Foam rolling as a recovery tool after an intense bout of physical activity

Macdonald, Graham Z., Button, Duane C., Drinkwater, Eric J. and Behm, David George 2014, Foam rolling as a recovery tool after an intense bout of physical activity, Medicine & science in sports & exercise, vol. 46, no. 1, pp. 131-142, doi: 10.1249/MSS.0b013e3182a123db.

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Title Foam rolling as a recovery tool after an intense bout of physical activity
Author(s) Macdonald, Graham Z.
Button, Duane C.
Drinkwater, Eric J.ORCID iD for Drinkwater, Eric J.
Behm, David George
Journal name Medicine & science in sports & exercise
Volume number 46
Issue number 1
Start page 131
End page 142
Total pages 12
Publisher Lippincott Williams & Wilkins
Place of publication Philadelphia, Pa.
Publication date 2014-01
ISSN 1530-0315
Keyword(s) Adult
Motor Activity
Muscle Contraction
Muscle, Skeletal
Physical Therapy Modalities
Range of Motion, Articular
Resistance Training
Young Adult
Summary PURPOSE: The objective of this study is to understand the effectiveness of foam rolling (FR) as a recovery tool after exercise-induced muscle damage, analyzing thigh girth, muscle soreness, range of motion (ROM), evoked and voluntary contractile properties, vertical jump, perceived pain while FR, and force placed on the foam roller. METHODS: Twenty male subjects (≥3 yr of strength training experience) were randomly assigned into the control (n = 10) or FR (n = 10) group. All the subjects followed the same testing protocol. The subjects participated in five testing sessions: 1) orientation and one-repetition maximum back squat, 2) pretest measurements, 10 × 10 squat protocol, and POST-0 (posttest 0) measurements, along with measurements at 3) POST-24, 4) POST-48, and 5) POST-72. The only between-group difference was that the FR group performed a 20-min FR exercise protocol at the end of each testing session (POST-0, POST-24, and POST-48). RESULTS: FR substantially reduced muscle soreness at all time points while substantially improving ROM. FR negatively affected evoked contractile properties with the exception of half relaxation time and electromechanical delay (EMD), with FR substantially improving EMD. Voluntary contractile properties showed no substantial between-group differences for all measurements besides voluntary muscle activation and vertical jump, with FR substantially improving muscle activation at all time points and vertical jump at POST-48. When performing the five FR exercises, measurements of the subjects' force placed on the foam roller and perceived pain while FR ranged between 26 and 46 kg (32%-55% body weight) and 2.5 and 7.5 points, respectively. CONCLUSION: The most important findings of the present study were that FR was beneficial in attenuating muscle soreness while improving vertical jump height, muscle activation, and passive and dynamic ROM in comparison with control. FR negatively affected several evoked contractile properties of the muscle, except for half relaxation time and EMD, indicating that FR benefits are primarily accrued through neural responses and connective tissue.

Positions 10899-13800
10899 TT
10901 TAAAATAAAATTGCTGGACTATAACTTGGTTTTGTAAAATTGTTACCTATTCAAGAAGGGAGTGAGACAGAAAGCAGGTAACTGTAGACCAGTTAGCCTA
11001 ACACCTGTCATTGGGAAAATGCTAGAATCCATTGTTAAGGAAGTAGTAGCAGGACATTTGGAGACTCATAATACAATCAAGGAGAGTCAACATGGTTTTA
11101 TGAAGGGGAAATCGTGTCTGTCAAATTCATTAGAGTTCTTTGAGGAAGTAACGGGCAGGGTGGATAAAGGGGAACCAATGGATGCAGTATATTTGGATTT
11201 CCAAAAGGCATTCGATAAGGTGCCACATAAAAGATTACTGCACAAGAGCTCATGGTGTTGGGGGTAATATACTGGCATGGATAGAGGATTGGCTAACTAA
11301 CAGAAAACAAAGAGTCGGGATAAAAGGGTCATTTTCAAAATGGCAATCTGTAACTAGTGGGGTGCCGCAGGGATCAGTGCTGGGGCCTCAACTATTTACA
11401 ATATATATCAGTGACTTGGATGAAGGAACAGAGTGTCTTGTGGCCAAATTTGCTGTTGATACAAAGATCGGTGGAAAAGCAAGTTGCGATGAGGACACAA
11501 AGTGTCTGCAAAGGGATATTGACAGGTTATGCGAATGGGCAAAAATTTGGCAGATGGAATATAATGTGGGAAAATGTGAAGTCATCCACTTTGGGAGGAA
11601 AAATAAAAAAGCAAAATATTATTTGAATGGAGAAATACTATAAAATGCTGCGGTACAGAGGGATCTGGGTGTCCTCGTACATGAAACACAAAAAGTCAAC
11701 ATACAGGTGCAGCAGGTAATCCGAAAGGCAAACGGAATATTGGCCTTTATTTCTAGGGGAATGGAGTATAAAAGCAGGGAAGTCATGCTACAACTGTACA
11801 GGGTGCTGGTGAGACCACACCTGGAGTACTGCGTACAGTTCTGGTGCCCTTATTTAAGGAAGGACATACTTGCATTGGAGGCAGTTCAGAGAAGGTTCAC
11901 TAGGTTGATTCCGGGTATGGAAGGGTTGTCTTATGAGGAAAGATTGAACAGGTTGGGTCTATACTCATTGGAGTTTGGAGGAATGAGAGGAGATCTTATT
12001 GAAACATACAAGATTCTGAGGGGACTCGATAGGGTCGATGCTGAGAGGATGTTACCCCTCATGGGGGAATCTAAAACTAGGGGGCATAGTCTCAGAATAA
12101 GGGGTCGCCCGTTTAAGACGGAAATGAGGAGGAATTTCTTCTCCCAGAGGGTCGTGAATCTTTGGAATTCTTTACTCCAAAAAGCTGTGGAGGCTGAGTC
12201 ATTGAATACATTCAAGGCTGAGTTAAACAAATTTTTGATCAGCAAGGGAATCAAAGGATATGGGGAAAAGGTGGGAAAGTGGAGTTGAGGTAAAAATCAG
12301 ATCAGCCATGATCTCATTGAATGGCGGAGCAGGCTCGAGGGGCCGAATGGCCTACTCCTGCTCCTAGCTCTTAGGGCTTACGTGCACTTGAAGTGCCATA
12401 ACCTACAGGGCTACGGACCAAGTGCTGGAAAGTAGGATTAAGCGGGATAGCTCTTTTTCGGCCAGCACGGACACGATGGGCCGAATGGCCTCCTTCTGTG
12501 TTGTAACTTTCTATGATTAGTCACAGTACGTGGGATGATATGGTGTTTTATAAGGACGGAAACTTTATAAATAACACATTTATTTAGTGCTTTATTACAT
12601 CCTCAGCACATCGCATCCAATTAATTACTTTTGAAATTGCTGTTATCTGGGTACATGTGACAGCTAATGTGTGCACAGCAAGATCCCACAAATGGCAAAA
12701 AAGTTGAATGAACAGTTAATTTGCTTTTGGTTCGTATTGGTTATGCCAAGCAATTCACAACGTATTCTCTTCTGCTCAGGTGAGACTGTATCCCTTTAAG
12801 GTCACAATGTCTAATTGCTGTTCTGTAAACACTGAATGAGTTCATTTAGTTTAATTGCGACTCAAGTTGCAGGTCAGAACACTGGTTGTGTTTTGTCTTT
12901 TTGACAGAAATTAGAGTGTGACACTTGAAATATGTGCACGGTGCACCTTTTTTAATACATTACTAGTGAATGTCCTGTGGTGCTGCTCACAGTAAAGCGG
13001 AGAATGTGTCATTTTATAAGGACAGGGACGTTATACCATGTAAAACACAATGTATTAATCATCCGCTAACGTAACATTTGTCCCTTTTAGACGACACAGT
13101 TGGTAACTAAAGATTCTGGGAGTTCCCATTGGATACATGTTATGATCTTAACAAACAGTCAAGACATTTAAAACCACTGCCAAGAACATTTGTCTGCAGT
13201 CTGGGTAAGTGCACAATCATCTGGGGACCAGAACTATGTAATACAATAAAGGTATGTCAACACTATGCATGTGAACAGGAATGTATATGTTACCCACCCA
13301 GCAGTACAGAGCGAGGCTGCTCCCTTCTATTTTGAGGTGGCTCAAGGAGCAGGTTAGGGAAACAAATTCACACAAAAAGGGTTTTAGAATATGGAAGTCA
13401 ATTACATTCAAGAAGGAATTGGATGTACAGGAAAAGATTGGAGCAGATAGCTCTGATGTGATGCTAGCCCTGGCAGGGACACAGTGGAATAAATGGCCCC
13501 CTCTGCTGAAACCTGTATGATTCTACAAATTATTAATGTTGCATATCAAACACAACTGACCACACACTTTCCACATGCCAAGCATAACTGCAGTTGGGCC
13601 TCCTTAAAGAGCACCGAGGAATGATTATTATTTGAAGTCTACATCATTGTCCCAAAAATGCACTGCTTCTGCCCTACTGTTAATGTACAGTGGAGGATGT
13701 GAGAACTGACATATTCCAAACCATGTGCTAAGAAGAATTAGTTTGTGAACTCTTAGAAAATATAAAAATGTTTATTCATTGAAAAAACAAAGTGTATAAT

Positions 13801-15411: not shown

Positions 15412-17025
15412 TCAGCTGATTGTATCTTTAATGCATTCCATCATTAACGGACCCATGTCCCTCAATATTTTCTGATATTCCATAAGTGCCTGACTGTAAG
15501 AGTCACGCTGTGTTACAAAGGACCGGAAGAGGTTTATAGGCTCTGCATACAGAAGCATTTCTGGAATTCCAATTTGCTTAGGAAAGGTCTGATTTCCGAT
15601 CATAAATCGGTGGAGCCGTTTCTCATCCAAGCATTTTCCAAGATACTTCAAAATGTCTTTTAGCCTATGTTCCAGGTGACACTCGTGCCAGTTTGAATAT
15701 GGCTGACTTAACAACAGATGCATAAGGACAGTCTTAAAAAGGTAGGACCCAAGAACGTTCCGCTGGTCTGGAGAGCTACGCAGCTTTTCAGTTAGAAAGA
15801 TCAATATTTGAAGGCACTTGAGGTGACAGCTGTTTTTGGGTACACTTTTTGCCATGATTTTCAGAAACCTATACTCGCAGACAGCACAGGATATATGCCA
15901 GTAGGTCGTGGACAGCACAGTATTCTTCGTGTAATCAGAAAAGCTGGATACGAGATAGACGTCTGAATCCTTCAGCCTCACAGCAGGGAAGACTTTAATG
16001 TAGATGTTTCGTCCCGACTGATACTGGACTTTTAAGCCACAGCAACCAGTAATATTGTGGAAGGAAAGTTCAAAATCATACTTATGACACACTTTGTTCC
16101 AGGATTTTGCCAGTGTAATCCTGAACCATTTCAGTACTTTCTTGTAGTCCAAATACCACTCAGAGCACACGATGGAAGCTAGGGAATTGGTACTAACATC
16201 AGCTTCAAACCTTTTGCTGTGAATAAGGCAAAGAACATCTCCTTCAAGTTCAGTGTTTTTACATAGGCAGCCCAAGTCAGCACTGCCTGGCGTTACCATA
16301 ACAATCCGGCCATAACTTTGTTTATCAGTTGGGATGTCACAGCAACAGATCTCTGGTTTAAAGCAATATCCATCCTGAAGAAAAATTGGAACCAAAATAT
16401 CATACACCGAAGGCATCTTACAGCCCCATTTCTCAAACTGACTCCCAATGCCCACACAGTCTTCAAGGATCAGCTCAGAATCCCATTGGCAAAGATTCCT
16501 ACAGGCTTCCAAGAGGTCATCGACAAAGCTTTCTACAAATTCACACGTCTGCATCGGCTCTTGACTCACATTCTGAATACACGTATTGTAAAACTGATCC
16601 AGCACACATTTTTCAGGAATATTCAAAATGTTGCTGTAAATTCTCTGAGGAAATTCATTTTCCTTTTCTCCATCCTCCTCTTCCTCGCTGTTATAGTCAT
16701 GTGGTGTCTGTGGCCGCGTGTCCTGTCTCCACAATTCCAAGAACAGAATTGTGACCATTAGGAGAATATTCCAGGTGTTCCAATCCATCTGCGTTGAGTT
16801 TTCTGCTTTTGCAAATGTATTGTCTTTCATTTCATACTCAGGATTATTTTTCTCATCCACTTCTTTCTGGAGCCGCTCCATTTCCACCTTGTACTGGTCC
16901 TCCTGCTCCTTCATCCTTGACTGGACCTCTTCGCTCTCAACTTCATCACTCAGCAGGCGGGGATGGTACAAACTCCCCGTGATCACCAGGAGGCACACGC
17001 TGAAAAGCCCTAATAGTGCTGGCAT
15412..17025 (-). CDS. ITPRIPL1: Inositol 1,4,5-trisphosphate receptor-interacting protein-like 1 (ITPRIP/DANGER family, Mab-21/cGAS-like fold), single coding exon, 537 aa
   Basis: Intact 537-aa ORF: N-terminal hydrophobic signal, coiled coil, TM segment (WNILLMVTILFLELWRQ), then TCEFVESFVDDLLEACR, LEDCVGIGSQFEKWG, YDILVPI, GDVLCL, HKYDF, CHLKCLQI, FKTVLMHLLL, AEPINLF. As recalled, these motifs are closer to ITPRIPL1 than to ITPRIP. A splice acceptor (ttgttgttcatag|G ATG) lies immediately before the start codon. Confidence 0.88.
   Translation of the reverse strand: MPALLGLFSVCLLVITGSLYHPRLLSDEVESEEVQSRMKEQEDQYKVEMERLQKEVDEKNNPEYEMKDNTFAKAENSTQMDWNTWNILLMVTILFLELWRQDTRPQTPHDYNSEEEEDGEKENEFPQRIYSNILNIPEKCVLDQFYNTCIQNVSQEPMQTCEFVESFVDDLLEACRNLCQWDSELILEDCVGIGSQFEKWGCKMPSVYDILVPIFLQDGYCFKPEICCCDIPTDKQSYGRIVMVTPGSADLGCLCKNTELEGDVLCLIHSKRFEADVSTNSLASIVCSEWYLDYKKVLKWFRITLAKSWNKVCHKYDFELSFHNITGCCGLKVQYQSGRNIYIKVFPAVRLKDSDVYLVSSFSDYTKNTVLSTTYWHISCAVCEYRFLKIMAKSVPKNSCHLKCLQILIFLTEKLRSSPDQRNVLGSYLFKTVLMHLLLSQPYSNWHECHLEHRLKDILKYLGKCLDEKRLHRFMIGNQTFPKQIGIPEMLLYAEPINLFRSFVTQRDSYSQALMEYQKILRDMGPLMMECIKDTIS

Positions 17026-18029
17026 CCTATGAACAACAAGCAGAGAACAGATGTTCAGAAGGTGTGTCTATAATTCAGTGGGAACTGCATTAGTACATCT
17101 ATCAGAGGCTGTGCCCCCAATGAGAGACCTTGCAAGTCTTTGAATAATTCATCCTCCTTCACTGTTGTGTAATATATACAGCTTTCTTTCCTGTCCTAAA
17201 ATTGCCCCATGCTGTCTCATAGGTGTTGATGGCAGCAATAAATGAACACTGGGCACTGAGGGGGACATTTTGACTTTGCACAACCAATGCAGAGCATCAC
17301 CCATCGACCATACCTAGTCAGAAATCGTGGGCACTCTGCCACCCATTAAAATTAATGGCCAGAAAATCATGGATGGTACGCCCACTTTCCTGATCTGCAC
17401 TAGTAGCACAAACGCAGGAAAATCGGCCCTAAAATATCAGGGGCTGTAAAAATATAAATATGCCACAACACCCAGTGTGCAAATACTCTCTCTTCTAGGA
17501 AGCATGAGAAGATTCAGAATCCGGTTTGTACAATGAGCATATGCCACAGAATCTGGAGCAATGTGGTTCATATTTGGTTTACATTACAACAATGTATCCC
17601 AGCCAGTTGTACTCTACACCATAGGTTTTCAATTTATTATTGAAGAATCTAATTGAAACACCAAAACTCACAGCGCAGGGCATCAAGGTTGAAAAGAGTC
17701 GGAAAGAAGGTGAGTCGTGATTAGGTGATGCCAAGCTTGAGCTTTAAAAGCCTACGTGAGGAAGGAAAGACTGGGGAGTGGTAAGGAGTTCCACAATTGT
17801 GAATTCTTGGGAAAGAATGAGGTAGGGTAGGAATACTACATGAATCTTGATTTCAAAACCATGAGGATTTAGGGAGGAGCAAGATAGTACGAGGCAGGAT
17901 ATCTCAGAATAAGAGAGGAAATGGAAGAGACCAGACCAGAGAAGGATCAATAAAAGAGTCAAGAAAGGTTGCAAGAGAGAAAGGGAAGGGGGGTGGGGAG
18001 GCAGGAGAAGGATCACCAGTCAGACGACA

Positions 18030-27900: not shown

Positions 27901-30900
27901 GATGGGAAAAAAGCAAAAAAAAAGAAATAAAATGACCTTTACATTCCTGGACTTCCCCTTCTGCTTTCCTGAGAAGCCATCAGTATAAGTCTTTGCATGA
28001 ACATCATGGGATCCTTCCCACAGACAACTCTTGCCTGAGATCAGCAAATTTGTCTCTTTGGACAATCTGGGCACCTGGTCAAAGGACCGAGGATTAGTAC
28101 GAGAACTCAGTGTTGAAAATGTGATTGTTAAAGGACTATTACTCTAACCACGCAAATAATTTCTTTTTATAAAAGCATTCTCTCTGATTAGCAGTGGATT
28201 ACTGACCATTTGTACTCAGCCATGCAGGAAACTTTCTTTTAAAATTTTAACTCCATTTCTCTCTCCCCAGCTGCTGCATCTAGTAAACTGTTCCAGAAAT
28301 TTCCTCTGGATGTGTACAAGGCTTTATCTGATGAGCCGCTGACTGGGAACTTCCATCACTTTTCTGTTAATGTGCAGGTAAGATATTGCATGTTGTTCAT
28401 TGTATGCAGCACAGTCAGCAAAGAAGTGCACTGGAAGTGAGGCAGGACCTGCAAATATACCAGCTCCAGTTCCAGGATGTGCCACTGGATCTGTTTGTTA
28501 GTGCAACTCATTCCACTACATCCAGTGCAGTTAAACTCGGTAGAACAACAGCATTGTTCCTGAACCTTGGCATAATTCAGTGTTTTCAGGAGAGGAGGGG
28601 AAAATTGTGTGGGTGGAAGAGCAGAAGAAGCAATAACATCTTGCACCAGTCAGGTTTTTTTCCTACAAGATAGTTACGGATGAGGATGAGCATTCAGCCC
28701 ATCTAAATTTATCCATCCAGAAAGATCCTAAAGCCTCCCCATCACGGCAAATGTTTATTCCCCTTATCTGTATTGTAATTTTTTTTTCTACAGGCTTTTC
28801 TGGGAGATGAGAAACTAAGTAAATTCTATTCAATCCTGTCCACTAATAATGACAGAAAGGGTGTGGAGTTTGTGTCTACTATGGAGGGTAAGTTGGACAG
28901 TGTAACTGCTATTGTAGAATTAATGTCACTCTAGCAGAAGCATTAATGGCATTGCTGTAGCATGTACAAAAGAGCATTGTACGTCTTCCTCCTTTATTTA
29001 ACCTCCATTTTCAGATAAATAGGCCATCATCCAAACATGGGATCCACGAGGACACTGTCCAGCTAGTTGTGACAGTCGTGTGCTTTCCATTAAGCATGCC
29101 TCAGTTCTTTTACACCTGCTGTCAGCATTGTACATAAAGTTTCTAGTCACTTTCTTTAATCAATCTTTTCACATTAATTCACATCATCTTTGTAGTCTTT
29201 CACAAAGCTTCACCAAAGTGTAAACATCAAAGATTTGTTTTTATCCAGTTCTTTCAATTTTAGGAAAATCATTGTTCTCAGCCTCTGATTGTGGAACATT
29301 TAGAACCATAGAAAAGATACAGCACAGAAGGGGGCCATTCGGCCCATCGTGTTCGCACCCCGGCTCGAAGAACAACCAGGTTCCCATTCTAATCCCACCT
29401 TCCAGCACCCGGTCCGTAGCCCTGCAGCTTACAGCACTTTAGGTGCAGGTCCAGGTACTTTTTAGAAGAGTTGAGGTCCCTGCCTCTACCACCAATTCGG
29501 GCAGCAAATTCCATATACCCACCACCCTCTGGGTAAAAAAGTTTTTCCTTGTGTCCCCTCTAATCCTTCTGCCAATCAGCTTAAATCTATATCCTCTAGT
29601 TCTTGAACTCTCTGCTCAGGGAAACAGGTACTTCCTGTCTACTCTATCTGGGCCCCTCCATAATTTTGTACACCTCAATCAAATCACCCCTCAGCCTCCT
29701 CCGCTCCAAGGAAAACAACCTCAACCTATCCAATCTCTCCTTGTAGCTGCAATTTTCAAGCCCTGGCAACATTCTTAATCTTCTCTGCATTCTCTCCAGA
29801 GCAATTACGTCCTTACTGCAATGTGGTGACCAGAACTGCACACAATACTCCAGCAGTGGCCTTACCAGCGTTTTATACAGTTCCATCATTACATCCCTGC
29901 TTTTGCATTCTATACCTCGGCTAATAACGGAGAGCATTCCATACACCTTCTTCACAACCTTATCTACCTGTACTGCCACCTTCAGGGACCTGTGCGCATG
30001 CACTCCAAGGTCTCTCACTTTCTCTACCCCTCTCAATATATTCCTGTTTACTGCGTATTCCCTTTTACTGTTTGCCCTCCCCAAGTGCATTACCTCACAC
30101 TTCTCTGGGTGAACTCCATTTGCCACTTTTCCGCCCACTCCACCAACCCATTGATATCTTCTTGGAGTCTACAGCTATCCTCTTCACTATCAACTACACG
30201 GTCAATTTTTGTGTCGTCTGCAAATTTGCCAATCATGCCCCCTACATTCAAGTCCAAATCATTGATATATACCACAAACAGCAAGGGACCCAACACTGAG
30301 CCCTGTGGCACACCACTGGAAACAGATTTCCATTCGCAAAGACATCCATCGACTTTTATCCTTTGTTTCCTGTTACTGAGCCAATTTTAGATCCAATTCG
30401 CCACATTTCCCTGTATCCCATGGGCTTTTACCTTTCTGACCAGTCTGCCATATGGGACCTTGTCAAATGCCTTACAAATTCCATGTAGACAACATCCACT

Language eng
DOI 10.1249/MSS.0b013e3182a123db
Field of Research 110699 Human Movement and Sports Science not elsewhere classified
1106 Human Movement And Sports Science
Socio Economic Objective 920409 Injury Control
HERDC Research category C1.1 Refereed article in a scholarly journal
ERA Research output type C Journal article
Copyright notice ©2013, American College of Sports Medicine
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Document type: Journal Article
Collections: Faculty of Health
School of Exercise and Nutrition Sciences
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